Irving Berlin was born in the poverty stricken town of Tyumen, Russia. He was born on May 11th, 1988 and his birth name was Israel Baline. He was the youngest of 9 children born to Moses and Leah (Lena) Baline. In 1893, escaping Russian persecution, the Baline’s fled to America and settled in the lower East side of New York. Baline’s father was a shochel for the Jewish synagogue in Russia and after arriving in New York he was forced to work in local markets. The Baline children had to work selling newspapers to help the family, like so many other immigrated families had to do. Shortly after his fathers death in 1896, Baline ran away from home. After leaving home, Baline earned money by singing at popular cafes and restaurants in the Bowery.
Baline was hired as a singing waiter at Pelham’s in 1906. There he met a co-worker by the name of “Nick” Nicholson. Pelham asked Nick to write a song and Baline to write the lyrics to outdo to employees at a rival café that had written and published a song. The two of them titled the song Marie of Sunny Italy. To introduce the song, Baline often sang the song while working. It quickly became popular with the customers in Pelham’s. Stern had decided to publish the song and when they read the cover they noticed a printing error that had changed Baline’s name to Irving Berlin. Not wanting to cause any more confusion than necessary, Baline stuck with the error and from that moment on was known to the world as Irving Berlin. To have had no formal musical education in his life, his musical career was becoming successful. He earned thirty-seven cents in royalties for the song Marie of Sunny Italy. In 1908, Berlin accidentally wrote a melody for a potental song, which was later called Dorando. Berlin was offered 25 dollars for a completed copy of the song. Since he did not know how to write or play music, he hired an arranger to compose to melody for the lyrics. Using the same arranger he had hired, he also completed the song The Best of Friends Must Part. Berlins lyrics were becoming so famous that the New York Journal hired him to write some verses. He wrote the lyrics to many of Americas most patriotic songs. One which was dedicated as our country national anthem, God Bless America.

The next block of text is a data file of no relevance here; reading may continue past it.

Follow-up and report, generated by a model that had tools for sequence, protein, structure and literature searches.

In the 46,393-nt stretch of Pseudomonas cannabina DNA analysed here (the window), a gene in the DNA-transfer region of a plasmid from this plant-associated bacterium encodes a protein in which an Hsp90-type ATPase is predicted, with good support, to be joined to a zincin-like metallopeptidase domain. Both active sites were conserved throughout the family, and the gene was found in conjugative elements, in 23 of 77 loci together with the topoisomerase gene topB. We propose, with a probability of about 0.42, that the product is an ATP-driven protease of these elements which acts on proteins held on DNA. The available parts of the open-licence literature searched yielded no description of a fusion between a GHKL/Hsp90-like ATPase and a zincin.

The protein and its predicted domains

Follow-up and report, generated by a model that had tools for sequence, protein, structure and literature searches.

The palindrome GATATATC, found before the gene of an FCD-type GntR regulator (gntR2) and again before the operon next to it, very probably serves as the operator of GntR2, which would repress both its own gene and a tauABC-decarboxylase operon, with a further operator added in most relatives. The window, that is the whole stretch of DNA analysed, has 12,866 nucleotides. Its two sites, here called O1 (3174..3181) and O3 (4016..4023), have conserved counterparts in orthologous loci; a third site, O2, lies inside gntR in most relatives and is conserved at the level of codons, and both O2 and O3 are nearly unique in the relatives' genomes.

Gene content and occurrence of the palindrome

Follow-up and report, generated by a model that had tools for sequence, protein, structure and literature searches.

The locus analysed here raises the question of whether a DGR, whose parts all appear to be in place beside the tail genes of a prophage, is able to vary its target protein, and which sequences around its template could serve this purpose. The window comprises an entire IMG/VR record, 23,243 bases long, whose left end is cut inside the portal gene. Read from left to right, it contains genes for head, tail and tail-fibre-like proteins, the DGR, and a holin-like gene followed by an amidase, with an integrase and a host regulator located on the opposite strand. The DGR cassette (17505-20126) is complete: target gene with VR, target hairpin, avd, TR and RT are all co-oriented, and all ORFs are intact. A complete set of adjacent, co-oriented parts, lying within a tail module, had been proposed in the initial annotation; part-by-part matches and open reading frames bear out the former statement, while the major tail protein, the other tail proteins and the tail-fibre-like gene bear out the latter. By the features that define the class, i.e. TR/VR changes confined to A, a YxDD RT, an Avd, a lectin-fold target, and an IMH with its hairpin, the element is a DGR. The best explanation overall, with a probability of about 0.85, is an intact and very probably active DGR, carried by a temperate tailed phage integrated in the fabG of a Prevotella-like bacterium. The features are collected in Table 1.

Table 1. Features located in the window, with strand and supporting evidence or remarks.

Berlin’s music was starting to boom and his life was now something different from what he had known as a child, Berlin had money and lots of it. Though he had money and fame something was missing from his life that he wasn’t aware was missing, love. A young woman by the name of Dorthy Goetz had come to his office one day begging for a copy of any one of Berlins songs for her to sing. Before Goetz could get all the words out of her mouth, another woman came into Berlins office begging for a song as well. Goetz was a quiet and shy woman but after seeing the desperate woman pleading for a song that all changed. Afraid that she wouldn’t get the copy she so desperately wanted, she grabbed the other woman by the hair and they began to fight. Shocked by what was happening in his office, Berlin attempted to break up the two young women but was unsuccessful. When the fighting finally ended, he gave the copy to the other woman and asked Dorthy out on a date. After what was a short courtship, the two got married in February, 1913. The spent their honeymoon in Cuba which would later yield a terrible mistake. At the time of their honeymoon, a horrible case of typhoid had spread throughout Cube. Immediately after returning from the honeymoon, Dorthy became ill. Deep in love with his new bride, Berlin tried desperately to get his wife better. He had 2 full time doctors in the home caring for Dorthy; however, in a time when antibiotics didn’t exist there was nothing they could do to save her. Dorthy passed away in July of 1913. Berlin feel into a deep depression. While he was mourning the lose of his wife, he wrote one of his biggest hits When I Lost You. Berlin would wait many years before we would marry again, twelve to be exact. In 1926 Berlin married Ellin Mackay, the daughter of Postal Telegraph Company CEO, Clarence Mackay. Ellins father contested the marriage which was publicly announced often. Despite his disapproval the two secretly married. They had 4 children throughout their marriage, Irving Jr., Linda Louise, Mary Ellin and Elizabeth Iris.
Berlins fame soared with his first complete score Watch Your Step, in 1914. During WW II, he felt that it was important to show first hand the lives of the soldiers so he wrote This is the Army. The show raised $10 million and all of the proceeds went to the Army Emergency Relief fund. Following the war, Berlin wrote numerous songs for the American Red Cross. February 18, 1955, President Eisenhower presented Berlin with a gold medal for composing so many of Americas patriotic songs. Berlin also assigned the copyright for “God Bless America” to the God Bless America fund, which raises money for the Boy Scouts and Girl Scouts throughout America. In a biography published in 1924, songwriter Jerome Kern stated “ Irving Berlin had no place in American music. He is American music”. Irving Berlin died on September 22, 1989 at the age of 101.
Parlorsongs.com, Richard Reublin, Feb 2003
“As Thousands Cheer”, Laurence Bergreen